BRIEF DESCRIPTION OF THE DRAWINGS DESCRIPTION OF THE PREFERRED EMBODIMENT As seen particularly in FIG. 1, the preferred embodiment of the invention comprises generally a supporting base structure 10 and one or more carton supportng shelf 3,528,558 Patented Sept. 15 1970 or rack structures 12 rem0vably positoned on the base. Each shelf structure 12 is adapted to support a plurality of cartons 14 in vertically spaced relation to each other, with each of the cartons inclined downwardly toward the forward end of the display rack. Each display shelf 12 comprises a vertically extending rear plate 16, a front supporting frame 18 including a pair of vertically extending legs 20 spaced forwardly of the rear plate 16, and a shelf forming means interconnecting the rear plate with the supporting legs and preferably comprising a U-shaped w1re form 22 connected at the rear plate 16 and supported on the front supporting legs 20 by an underlying cross-bar 24. The bight portion 26 of the U-shaped member 22 is supported forwardly of the supporting legs 20 at a position below that of the connection of member 22 with the rear plate 16.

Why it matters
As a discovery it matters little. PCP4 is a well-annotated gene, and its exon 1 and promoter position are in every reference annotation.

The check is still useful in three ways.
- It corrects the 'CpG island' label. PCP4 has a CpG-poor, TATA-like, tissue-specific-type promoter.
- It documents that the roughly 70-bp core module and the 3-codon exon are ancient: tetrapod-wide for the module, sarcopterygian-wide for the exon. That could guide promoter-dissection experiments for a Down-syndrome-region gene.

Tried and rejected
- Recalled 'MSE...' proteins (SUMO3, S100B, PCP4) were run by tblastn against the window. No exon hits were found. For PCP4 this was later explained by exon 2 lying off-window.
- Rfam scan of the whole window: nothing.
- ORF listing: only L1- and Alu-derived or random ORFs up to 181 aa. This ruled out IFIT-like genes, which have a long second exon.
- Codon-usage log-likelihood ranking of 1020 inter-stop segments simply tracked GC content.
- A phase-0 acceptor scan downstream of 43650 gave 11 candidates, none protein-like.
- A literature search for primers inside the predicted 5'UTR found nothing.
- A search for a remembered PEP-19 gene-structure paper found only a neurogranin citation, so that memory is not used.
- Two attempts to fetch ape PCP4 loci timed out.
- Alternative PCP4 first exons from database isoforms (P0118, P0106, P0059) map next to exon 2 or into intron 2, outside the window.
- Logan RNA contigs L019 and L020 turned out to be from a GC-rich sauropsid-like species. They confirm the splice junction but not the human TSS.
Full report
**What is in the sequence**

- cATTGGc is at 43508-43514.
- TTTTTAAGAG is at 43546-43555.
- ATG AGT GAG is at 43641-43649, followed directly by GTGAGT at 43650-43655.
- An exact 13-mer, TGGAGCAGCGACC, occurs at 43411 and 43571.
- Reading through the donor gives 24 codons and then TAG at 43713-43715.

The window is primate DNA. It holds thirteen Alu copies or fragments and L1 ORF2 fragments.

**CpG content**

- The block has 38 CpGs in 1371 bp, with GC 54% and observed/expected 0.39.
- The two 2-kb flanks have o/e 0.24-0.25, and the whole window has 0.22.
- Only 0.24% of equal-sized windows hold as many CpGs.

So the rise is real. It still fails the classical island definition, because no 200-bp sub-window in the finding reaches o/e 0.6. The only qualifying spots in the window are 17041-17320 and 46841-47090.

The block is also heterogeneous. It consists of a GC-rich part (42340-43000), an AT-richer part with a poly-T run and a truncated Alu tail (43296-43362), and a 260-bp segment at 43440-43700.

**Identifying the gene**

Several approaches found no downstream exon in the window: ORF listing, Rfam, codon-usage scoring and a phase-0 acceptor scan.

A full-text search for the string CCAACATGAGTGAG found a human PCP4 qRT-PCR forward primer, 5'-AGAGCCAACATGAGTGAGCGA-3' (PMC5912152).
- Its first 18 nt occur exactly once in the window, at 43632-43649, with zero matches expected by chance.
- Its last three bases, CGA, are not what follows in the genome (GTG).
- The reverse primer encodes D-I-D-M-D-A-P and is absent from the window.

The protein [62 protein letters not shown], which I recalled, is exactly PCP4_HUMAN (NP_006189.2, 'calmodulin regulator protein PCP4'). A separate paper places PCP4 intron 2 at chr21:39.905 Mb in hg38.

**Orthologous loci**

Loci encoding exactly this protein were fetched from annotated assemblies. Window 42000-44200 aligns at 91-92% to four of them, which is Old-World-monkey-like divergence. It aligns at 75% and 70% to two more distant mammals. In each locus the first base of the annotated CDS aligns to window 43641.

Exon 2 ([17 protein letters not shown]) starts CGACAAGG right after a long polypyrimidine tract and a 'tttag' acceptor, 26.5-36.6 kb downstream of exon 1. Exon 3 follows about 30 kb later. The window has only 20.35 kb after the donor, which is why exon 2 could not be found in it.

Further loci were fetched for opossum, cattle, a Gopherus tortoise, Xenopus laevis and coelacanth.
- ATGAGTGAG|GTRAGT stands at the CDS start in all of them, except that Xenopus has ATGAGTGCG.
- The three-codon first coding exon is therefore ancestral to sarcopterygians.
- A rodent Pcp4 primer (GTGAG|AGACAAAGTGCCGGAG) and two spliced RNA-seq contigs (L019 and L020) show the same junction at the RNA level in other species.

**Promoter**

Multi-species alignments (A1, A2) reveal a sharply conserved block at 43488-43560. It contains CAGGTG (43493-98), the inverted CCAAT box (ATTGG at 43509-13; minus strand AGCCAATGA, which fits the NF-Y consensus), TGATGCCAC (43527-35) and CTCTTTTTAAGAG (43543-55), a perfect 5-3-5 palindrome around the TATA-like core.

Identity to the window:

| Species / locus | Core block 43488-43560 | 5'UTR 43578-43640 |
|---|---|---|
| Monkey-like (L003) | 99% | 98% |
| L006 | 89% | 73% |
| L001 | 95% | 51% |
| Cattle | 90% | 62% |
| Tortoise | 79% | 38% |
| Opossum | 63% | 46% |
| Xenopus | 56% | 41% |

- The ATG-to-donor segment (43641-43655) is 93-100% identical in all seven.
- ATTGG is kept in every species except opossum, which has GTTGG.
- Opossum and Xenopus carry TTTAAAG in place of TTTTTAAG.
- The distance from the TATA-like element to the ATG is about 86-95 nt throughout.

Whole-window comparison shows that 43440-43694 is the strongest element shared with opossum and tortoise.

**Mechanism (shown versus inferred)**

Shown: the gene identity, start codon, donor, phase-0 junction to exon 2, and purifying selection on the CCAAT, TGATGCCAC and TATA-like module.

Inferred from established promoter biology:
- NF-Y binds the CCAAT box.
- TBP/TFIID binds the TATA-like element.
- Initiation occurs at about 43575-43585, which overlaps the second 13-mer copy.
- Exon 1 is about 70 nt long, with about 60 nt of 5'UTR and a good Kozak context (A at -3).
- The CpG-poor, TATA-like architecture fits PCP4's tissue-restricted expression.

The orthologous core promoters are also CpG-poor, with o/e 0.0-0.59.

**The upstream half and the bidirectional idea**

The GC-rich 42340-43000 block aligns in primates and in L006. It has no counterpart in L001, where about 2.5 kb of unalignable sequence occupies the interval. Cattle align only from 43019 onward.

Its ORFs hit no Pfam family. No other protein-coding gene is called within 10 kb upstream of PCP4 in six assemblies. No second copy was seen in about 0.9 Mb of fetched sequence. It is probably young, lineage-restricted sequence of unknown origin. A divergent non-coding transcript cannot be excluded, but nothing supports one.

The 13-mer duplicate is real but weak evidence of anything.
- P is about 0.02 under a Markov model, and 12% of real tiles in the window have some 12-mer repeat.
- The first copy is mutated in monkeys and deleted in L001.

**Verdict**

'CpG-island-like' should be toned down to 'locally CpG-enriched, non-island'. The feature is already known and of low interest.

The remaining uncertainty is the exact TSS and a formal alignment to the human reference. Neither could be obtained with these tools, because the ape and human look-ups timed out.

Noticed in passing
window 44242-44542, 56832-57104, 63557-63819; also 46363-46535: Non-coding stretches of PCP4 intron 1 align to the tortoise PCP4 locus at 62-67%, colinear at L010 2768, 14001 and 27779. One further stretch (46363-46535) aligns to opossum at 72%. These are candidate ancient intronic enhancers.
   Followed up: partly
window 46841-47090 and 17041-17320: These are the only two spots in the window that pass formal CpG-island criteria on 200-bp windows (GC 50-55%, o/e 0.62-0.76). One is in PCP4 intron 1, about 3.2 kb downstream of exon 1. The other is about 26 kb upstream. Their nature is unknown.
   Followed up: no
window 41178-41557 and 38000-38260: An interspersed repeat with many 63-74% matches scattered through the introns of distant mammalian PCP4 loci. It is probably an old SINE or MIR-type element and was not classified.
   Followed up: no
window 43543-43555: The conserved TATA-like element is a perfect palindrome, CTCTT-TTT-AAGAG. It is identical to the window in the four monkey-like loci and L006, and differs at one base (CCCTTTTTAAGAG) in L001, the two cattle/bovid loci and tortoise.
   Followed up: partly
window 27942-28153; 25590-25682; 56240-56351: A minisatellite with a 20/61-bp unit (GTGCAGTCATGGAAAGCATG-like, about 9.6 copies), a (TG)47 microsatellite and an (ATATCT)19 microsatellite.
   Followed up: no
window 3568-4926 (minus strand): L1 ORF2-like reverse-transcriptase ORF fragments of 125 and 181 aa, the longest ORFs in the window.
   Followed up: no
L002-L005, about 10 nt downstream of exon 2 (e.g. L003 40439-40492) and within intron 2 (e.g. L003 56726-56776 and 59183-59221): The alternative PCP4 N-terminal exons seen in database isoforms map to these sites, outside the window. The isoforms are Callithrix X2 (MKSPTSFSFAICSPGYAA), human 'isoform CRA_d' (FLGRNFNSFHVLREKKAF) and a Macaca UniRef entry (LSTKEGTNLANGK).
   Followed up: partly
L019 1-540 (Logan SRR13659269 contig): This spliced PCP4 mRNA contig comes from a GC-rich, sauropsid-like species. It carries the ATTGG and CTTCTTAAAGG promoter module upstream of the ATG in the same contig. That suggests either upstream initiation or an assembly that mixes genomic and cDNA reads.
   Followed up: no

The normally closed, rectangular cardboard cartons containing canned goeds are slit 01 cut along the four sides of the carton, and one-half of the severed carton is removed to expose the cans. A base plate 28 (FIG. 5) is then placed on the exposed tops of the cans, the removed half of the carton is replaced in covering relation to the plate covered cans, and the entire carton is then inverted and the top half of the carton removed to provide the tray arrangement 14 seen in FIGS. 1 and 2. A divider 30 (FIG. 4) is then inserted between the intermediate rows of cans, and the carton is placed on a shelf 22 of the display rack 12 to present the appearance seen in FIG. 1. The leading can of each of the four rows in the carton is now accessible for easy removal, and the removal of one of such cans permits the succeeding cans in the row to move by gravty toward the forward end of the carton. In this manner, the easly accessible front end of the carton on the shelf remains filled until only four cans remain in the carton.